“The low local unemployment rate would mean that most of the project workers would come from other parts of the province and Canada,” the joint review panel’s report read.

The report also states that “the local economic upside would largely provide the resources to deal with possible problems, including those related to health, education, and housing, especially if the arrangements BC Hydro is willing to make with local authorities can be concluded.”

BC Hydro estimates that Site C would result in a total of $40 million in tax revenues to local governments. But thus far, an arrangement between BC Hydro and the city of Fort St. John hasn't been reached.

“We’re very actively having conversations with the proponent,” Ackerman said. “We want to ensure that we’re at the table with the province and BC Hydro when the decisions are made because we can be very much be a partner in this.”

Ackerman says she wants to ensure that whatever happens “the community is better off as a result of it.” That could mean everything from guarantees that local contractors will be hired to additional funding for policing.

Where will workers come from?

However, those types of promises are little solace to families who stand to lose their homes due to the dam construction. Esther and Poul Pedersen own a 160-acre farm above the proposed dam site and would have to move if the dam is built.

Esther and Poul Pedersen

Poul and Esther Pedersen on their land overlooking the Peace River. Photo: Emma Gilchrist.

“They’re taking bids for work camps like it’s already been approved,” Poul said. “I’d like to know where they’re going to find the workers. There’s a shortage of workers already. Are they going to be bringing migrant workers over?”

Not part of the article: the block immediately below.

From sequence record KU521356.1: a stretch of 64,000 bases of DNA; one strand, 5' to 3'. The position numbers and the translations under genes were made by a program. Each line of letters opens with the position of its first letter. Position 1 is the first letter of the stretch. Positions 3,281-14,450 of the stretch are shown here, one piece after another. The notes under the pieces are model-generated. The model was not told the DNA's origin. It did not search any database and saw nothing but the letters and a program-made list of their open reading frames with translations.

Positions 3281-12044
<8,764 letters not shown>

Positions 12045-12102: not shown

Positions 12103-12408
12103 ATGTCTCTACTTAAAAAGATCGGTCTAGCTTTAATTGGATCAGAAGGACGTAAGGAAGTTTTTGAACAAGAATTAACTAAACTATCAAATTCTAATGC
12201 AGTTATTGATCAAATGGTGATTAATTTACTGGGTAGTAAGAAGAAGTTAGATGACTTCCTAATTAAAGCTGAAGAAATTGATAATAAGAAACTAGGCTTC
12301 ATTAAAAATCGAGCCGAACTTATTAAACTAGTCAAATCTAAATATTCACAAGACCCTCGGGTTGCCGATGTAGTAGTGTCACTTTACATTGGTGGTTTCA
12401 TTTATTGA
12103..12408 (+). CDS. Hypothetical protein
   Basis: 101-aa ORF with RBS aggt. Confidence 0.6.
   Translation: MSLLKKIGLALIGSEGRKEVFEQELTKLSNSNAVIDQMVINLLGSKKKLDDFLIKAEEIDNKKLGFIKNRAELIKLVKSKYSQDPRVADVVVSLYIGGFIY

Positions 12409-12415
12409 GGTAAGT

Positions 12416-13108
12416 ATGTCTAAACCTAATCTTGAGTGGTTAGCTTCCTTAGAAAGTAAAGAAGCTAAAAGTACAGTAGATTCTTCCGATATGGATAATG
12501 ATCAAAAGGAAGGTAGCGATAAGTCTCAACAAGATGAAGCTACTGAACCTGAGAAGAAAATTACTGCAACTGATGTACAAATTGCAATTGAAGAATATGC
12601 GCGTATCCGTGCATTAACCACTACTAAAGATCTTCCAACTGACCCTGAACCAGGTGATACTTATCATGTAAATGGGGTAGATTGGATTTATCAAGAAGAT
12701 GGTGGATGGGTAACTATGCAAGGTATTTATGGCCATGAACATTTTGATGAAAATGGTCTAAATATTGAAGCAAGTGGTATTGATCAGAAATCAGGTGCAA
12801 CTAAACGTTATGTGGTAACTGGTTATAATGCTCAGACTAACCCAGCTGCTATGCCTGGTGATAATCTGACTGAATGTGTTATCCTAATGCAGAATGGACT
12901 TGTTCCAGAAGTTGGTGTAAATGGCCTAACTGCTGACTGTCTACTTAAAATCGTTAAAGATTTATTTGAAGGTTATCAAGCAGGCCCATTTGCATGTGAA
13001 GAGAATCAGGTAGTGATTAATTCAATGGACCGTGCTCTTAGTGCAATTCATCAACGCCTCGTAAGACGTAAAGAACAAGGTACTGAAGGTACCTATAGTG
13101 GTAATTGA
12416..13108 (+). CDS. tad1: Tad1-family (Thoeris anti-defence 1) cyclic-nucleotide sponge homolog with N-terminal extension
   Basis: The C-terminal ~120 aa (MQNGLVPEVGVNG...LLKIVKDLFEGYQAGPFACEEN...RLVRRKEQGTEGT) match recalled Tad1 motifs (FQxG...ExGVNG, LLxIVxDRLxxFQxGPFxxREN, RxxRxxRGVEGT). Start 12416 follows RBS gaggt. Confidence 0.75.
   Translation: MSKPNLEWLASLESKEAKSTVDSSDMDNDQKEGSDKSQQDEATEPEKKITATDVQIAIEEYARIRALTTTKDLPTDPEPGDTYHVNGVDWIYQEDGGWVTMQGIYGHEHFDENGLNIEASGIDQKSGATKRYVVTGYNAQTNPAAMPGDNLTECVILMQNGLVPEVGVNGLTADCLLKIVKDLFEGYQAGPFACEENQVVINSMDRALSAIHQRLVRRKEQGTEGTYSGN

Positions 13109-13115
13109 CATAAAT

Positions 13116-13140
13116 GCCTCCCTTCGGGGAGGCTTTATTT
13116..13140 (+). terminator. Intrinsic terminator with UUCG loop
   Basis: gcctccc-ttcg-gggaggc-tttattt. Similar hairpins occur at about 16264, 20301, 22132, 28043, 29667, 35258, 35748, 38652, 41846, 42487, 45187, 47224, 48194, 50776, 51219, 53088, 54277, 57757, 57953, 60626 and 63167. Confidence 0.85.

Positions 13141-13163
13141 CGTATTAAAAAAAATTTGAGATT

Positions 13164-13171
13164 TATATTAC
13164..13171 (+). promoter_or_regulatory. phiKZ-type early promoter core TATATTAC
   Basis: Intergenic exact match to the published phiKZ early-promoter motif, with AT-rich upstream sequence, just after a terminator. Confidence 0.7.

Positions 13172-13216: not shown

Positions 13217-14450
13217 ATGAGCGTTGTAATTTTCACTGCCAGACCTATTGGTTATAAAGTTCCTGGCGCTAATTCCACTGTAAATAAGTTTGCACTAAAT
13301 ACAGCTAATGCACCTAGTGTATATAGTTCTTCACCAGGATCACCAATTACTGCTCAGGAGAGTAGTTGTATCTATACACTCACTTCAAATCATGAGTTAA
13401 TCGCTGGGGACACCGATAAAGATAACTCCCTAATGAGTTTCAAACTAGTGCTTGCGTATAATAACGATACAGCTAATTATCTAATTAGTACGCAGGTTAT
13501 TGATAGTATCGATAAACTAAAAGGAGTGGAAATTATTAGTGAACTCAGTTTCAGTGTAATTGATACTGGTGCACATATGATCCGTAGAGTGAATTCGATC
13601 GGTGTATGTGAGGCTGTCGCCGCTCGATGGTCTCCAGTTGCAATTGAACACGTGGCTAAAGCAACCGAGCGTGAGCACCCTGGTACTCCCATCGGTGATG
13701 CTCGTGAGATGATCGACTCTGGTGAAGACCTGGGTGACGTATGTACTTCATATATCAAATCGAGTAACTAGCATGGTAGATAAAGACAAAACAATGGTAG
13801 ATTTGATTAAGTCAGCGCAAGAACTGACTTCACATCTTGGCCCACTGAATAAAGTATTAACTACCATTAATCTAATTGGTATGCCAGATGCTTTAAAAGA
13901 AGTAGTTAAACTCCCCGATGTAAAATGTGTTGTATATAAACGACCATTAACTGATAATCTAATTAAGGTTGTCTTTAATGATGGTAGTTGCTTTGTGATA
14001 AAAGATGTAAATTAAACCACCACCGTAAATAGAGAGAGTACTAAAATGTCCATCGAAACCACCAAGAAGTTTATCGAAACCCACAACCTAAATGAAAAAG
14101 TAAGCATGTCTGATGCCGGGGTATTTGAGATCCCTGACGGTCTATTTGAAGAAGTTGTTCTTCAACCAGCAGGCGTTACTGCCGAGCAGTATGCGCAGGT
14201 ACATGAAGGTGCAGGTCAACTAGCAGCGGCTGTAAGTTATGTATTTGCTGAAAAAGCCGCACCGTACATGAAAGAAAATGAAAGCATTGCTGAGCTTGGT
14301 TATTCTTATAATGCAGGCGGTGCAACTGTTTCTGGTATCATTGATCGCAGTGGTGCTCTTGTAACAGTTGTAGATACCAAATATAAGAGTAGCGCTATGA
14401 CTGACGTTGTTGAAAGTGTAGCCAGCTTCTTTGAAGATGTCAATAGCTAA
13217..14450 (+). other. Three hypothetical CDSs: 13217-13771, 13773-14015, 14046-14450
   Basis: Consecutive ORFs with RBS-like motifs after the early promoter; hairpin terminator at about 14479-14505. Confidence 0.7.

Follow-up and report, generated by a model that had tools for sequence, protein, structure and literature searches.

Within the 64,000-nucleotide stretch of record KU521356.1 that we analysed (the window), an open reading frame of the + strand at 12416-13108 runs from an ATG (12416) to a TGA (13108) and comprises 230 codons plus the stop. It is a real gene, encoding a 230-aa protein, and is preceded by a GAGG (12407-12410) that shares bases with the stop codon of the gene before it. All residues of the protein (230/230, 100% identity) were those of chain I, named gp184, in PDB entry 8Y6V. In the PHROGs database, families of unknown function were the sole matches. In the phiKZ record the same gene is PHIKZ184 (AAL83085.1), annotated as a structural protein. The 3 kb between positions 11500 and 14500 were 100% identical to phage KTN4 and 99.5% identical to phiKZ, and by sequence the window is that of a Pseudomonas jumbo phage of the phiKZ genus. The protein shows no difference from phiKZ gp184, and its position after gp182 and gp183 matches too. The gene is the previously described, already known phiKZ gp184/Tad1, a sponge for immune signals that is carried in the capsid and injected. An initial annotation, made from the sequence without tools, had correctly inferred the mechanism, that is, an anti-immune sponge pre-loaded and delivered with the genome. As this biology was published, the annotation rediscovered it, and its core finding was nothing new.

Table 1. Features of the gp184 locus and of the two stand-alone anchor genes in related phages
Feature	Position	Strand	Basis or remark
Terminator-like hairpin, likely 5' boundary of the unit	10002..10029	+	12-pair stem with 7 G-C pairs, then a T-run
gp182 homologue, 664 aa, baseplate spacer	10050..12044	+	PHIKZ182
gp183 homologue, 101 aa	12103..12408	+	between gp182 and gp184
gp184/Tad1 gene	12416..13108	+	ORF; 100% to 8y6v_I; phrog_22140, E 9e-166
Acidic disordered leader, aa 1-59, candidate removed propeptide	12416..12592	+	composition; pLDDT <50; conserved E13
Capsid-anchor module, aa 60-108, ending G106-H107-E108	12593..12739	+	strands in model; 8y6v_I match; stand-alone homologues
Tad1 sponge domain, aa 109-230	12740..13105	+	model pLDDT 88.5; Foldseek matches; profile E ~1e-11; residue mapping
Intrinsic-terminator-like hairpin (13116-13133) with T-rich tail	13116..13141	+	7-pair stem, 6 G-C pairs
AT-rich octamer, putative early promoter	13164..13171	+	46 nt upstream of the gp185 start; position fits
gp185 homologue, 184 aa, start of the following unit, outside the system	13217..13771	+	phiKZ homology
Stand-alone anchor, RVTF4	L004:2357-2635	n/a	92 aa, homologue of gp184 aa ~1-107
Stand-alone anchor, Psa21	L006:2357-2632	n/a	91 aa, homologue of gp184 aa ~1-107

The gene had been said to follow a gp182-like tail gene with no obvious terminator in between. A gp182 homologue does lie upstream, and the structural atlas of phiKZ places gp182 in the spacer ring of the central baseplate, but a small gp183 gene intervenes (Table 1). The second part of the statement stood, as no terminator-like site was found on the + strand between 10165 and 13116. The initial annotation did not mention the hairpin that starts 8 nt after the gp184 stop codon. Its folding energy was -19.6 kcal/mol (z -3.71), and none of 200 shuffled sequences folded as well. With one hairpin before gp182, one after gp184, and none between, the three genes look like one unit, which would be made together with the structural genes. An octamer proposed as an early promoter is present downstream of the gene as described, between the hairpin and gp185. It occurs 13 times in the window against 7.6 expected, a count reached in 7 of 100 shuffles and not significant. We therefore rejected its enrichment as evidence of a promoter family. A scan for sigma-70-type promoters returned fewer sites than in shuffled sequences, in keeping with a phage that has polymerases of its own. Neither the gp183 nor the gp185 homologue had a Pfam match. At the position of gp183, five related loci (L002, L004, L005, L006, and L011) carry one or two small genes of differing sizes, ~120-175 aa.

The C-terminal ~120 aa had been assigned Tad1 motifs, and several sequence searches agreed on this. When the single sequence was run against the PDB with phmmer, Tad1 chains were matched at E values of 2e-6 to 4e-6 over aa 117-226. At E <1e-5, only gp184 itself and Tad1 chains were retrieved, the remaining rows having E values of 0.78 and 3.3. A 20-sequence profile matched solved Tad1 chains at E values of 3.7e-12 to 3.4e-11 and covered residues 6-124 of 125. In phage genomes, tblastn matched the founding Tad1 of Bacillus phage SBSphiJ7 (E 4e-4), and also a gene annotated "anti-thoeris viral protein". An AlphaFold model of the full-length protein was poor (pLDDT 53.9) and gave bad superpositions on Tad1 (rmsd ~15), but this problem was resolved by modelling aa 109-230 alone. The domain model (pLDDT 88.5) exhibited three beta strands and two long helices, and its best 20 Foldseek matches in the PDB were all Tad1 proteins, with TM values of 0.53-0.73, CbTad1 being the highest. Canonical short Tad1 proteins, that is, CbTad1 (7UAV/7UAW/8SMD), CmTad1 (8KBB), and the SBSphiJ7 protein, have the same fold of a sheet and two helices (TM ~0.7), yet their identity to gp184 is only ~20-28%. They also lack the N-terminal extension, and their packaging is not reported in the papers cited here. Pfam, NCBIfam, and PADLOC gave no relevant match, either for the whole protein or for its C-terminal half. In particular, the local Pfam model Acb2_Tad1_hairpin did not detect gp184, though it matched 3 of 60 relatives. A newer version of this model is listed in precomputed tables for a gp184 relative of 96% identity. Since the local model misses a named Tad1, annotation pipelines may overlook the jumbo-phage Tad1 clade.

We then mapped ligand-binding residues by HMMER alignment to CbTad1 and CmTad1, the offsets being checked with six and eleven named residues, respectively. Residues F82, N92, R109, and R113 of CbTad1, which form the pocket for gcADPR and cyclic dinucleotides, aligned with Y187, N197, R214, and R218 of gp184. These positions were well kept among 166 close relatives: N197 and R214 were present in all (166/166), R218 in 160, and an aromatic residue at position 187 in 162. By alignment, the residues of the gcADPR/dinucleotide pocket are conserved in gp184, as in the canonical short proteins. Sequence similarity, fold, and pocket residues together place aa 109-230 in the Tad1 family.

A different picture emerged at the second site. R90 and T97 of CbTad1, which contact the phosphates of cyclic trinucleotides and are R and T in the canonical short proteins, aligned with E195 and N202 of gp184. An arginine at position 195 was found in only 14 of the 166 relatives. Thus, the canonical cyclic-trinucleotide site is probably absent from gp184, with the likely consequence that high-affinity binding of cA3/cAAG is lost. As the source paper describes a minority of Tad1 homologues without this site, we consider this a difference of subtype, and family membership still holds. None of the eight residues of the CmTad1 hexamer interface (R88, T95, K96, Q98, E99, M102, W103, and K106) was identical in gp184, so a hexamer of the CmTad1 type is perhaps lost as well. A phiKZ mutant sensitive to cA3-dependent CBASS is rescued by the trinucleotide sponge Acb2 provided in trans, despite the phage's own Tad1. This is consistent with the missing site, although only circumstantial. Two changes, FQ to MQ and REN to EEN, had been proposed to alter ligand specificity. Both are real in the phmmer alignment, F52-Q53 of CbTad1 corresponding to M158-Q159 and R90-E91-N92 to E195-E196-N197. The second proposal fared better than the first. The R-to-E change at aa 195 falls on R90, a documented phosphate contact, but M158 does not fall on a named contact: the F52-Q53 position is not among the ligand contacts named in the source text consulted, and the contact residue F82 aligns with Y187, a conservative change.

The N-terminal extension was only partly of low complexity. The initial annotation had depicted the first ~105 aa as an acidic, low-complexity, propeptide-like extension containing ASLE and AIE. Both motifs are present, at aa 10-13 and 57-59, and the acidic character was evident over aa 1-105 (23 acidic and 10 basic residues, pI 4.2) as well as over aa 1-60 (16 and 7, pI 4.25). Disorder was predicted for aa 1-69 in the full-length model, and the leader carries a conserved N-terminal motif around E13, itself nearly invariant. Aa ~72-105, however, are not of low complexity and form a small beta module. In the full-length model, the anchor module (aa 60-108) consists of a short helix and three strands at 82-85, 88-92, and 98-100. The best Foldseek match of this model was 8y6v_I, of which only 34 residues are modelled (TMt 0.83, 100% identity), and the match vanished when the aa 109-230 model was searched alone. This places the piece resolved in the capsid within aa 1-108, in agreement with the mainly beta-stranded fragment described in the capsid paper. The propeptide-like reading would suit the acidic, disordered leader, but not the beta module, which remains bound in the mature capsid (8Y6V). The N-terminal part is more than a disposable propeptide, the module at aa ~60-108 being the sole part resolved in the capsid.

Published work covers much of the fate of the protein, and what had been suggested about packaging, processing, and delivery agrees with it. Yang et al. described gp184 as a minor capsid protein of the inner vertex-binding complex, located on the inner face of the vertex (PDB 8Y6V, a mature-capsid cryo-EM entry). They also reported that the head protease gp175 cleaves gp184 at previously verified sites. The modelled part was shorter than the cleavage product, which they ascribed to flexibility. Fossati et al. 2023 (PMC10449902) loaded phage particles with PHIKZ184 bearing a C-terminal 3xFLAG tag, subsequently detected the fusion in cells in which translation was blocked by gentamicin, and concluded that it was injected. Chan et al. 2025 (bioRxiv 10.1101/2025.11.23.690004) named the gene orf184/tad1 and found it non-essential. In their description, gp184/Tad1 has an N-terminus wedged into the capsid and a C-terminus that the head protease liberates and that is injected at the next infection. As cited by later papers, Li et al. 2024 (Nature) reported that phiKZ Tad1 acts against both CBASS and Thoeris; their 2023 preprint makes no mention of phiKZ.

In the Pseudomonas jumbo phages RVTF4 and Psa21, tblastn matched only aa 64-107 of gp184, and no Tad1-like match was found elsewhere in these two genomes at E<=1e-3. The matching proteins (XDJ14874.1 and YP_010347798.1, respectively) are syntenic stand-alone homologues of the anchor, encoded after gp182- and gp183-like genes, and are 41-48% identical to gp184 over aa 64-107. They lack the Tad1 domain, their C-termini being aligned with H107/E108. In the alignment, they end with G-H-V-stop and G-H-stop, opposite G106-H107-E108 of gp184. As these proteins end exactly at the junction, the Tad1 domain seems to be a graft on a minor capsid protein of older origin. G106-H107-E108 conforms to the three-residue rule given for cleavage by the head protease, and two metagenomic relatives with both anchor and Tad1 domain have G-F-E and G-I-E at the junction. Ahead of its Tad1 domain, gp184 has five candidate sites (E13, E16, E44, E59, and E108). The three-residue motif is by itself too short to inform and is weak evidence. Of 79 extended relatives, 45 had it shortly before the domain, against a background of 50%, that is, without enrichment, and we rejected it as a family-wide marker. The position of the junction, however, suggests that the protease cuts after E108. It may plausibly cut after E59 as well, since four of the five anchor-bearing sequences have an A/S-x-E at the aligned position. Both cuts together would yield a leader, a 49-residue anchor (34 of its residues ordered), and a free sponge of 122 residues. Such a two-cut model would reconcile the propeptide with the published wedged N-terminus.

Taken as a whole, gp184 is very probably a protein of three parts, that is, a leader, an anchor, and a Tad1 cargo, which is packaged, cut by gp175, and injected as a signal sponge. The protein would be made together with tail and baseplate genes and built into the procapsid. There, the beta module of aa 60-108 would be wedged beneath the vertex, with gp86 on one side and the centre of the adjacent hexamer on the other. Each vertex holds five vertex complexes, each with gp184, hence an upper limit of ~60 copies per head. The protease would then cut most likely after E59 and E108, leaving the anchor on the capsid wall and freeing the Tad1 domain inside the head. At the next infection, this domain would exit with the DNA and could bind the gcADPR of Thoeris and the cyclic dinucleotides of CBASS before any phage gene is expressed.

Esther is concerned the projected positive economic impacts for Fort St. John won’t materialize.

“The workers will just fly in and fly out,” she said. “The only places that will be busy are the airports and the bars and the drunk tank.”

Fort St. John businessman Bob Fedderly echoed those concerns in an interview with Common Sense Canadian. 

“Camps aren’t the camps that they used to be,” he said. “It’s all done from outside, so when you start looking at the real spin-offs to the project, if you tear it apart one item at a time, are the spin-offs really there? Or are they cost items, lost opportunities to existing businesses?”

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We hear it time and time again:
“These are the stories that need to be told and you are some of the only ones telling them,” John, a new member of The Narwhal, wrote in to say.

Investigating stories others aren’t. Diving deep to find solutions to the climate crisis. Sending journalists to report from remote locations for days and sometimes weeks on end. These are the core tenets of what we do here at The Narwhal. It’s also the kind of work that takes time and resources to pull off.

That might sound obvious, but it’s far from reality in many shrinking and cash-strapped Canadian newsrooms. So what’s The Narwhal’s secret sauce? Thousands of members like John who support our non-profit, ad-free journalism by giving whatever they can afford each month (or year).

But here’s the thing: just two per cent of The Narwhal’s readers step up to keep our stories free for all to read. Will you join the two per cent and become a member of The Narwhal today?